Researchers from the Griffith Asia Institute (GAI) have proven that lower application rates of fertilisers do not affect the yield or quality of two mango varieties in Southern Vietnam.
An investigation into the current fertiliser practices of smallholder mango farmers in Dong Thap and Tien Giang provinces found that the desire to maximise yield was leading to a widespread overuse of fertiliser, resulting in higher production costs, an exacerbated susceptibility to pests and disease, and significant environmental impacts.
Trials conducted in collaboration with in-country researchers from the Southern Horticultural Research Institute (SOFRI) demonstrated that mango yield and quality can be maintained with lower application rates. Further testing was then undertaken to ascertain the optimum application rates.
Peter Johnson, an adjunct industry fellow with GAI, was the lead horticulturalist on the study.
“We tested the effects of four NPK (nitrogen, phosphorous, potassium) fertiliser treatments on the Cat Chu and Cat Hoa Loc varieties of mango,” Johnson said.
“While the different treatments had varying effects on components such as weight, length, or edible portion, our results indicated that overall yield and quality could be maintained with a lower dosage than the current industry standard.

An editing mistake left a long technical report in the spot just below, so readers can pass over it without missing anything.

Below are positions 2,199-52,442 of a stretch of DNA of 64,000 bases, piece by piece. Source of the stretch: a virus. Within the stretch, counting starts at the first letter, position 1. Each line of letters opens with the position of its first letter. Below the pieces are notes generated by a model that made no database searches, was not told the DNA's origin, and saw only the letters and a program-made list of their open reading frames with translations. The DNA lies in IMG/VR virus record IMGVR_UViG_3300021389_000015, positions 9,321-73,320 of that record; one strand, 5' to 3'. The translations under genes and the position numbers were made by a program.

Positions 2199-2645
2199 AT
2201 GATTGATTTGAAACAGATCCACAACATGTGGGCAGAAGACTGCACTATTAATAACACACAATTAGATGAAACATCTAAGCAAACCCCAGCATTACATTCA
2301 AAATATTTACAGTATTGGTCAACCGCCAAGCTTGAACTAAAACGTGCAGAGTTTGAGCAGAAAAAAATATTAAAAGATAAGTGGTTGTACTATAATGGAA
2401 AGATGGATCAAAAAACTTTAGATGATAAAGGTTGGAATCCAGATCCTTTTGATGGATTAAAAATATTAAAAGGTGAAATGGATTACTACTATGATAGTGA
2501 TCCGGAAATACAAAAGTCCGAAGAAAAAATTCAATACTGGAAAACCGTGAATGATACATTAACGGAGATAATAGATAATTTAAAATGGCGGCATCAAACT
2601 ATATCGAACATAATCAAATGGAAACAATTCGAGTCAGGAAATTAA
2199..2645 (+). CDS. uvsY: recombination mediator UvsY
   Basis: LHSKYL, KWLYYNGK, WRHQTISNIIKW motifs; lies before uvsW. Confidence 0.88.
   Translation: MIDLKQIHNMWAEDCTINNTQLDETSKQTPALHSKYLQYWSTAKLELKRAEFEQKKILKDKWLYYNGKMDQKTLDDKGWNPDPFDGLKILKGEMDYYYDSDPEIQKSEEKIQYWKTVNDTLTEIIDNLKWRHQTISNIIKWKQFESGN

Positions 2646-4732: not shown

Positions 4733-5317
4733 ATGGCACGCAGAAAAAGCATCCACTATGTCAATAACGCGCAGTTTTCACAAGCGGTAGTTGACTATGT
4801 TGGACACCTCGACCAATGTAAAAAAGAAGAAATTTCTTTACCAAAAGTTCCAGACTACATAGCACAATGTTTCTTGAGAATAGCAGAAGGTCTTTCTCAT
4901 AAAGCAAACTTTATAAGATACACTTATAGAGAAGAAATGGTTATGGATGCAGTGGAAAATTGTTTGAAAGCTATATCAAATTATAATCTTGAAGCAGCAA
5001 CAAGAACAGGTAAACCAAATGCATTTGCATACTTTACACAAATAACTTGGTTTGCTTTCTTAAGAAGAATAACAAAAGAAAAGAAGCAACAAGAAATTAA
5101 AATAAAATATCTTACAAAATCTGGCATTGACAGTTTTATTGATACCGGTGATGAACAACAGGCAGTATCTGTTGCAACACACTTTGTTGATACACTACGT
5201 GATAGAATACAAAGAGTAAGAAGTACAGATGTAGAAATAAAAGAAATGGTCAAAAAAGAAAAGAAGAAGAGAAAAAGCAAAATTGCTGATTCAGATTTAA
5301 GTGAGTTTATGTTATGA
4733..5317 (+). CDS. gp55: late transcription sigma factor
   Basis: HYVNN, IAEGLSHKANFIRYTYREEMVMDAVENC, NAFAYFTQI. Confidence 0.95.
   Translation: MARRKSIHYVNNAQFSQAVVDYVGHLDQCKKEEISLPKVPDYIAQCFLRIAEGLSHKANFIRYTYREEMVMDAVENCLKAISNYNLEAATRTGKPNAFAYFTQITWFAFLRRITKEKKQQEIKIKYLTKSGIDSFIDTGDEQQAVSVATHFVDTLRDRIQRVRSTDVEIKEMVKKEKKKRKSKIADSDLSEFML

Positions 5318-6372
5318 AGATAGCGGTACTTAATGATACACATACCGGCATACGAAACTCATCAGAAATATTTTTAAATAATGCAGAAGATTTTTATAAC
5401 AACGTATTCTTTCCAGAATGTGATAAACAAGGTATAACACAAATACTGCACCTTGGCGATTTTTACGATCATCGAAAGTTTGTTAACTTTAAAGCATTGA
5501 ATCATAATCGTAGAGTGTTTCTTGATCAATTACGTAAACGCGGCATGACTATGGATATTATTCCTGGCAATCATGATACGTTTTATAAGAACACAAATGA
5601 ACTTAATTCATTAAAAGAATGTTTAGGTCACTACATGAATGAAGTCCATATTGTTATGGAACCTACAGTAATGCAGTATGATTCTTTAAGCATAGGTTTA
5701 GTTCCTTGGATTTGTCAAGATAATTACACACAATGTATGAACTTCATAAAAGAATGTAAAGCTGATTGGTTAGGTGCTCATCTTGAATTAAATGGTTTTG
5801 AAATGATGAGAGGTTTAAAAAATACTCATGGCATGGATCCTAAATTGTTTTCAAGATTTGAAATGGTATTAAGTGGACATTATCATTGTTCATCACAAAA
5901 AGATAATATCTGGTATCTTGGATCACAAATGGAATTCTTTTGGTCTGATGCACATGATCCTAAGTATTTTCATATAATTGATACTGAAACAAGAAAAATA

“The next step is to upskill farmers in fertiliser management and increase their ability to make informed scientific and economic decisions about their fertiliser program.”
The study was part of a larger project, led by GAI’s agribusiness expert Associate Professor Robin E Roberts and funded by the Australian Centre for International Agricultural Research, which aims to improve smallholder farmer incomes by increasing the competitiveness of selected mango value chains in Southern Vietnam.
Fertiliser management is just one of the many interventions which the research identified and tested to provide evidence-based proofs of concept within the project.
“Mangoes are one of the most significant contributors to Vietnam’s economy, with nearly sixty percent of the farming occurring in the Mekong Delta region,” Associate Professor Roberts said.
“Despite the industry’s rapid growth, farmers are still facing challenges such as fluctuating market pricing, higher production costs, and changing seasonal conditions.
“Small modifications to on-farm practices will not only decrease production costs, but they’ll also improve mango quality and competitiveness in critical points along the supply chain, which will ultimately improve the farmers’ net incomes.”
GAI and SOFRI are eager to continue their work with mango supply chain stakeholders in the region. They are currently preparing to publish their findings in a scientific journal.